Are you thinking about signing up for Starlink internet, and are wondering why it’s so expensive?
At $110 a month plus the hefty hardware fee to get your Starlink dish, this can certainly be a hefty investment just for high-speed internet.
But why is Starlink so expensive, and are there any plans for the price to drop?
In this article, we’ll cover everything that you need to know!
1. It’s Meant For People Without Other Internet Options
First of all, it’s important to understand that if you believe Starlink is expensive, you may not necessarily be their target customer.
If you live in urban areas or already have high-speed cable / fiber internet available where you live, than Starlink probably is expensive – and probably a downgrade.
This is because if the infrastructure is already developed to your household, it’s probably cheaper for a company like Comcast or Spectrum to deliver comparable service than it is for Starlink.
Cable and fiber internet have higher potential speeds, far less latency, and more stable service. So if it’s available to you, than that’s probably what you’re going to want to go with.
Here’s the problem.
A huge percentage of the United States – and the world entirely for that matter, do not have those options.
In rural America, you may only have one or two internet providers, each giving you a fraction of the speed for nearly the same price – or in some cases, an even higher price.
Companies like Viasat or HughesNet realistically often deliver less than 1 mbps, even before their ridiculously low data caps are hit.
Meanwhile, here is my Speedtest result for Starlink’s RV service, which is even slower than their residential home service:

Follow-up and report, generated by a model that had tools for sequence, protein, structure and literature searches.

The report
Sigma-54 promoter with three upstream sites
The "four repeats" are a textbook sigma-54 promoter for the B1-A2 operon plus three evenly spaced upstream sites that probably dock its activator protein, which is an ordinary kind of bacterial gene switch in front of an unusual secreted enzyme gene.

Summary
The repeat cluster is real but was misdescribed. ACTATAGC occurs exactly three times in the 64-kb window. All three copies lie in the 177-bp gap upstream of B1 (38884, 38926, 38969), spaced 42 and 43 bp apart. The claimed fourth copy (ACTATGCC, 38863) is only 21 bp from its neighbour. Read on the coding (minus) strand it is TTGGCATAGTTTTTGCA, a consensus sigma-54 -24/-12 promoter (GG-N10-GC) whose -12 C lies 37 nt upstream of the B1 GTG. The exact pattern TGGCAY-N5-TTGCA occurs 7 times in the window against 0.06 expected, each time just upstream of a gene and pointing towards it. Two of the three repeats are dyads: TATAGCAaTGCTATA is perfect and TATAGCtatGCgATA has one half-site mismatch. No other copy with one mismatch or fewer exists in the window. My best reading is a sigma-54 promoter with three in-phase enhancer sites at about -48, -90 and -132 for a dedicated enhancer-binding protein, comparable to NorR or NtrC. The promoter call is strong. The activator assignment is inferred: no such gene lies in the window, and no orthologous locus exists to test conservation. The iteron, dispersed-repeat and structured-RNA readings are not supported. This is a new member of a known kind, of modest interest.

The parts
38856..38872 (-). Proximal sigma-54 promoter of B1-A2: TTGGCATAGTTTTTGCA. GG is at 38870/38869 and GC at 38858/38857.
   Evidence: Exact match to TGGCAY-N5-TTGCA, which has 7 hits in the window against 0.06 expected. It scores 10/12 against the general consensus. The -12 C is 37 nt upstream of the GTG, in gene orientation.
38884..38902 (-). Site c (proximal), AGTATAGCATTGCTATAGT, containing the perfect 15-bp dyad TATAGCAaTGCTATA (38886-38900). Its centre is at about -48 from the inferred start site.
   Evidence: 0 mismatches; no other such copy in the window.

If you’re used to an older satellite internet company where even loading a web page like this one can take a significant amount of time, Starlink seems like a savior in comparison.
And considering how heavily integrated the internet is into our lives, Starlink seems incredibly cheap to be able to finally have high-speed internet available.
Quick Note: If you have DSL in your area but not cable / fiber, you may wish to keep your DSL line even if you order Starlink for higher speeds. This is particularly true if you do things that require low ping, such as online gaming. Having two ISPs in one house isn’t a problem, so I wanted to point that out!
2. It’s New Technology
Satellite internet has been around for a while, but the way Starlink handles things is completely different.
It’s important to keep in mind that Starlink was only launched in 2019, and is still building out their network of satellites.
In fact, rocket launches sending new Starlink satellites into orbit happens in some cases, multiple times a month.
Plans are in place to have as many as 42,000 Starlink satellites in orbit, in order to provide high-speed internet around the globe.
While SpaceX has made considerable progress in reducing the cost of rocket launches and space missions, launching 42,000 satellites into Earth’s orbit is undoubtedly very expensive.
Additionally, as time goes on satellites will need to be retired and the constellation will need to be maintained.
Providing a similar level of coverage will surely get cheaper as time goes on. Like most new technology however, it’s going to start out expensive, and get cheaper to deliver in years to come.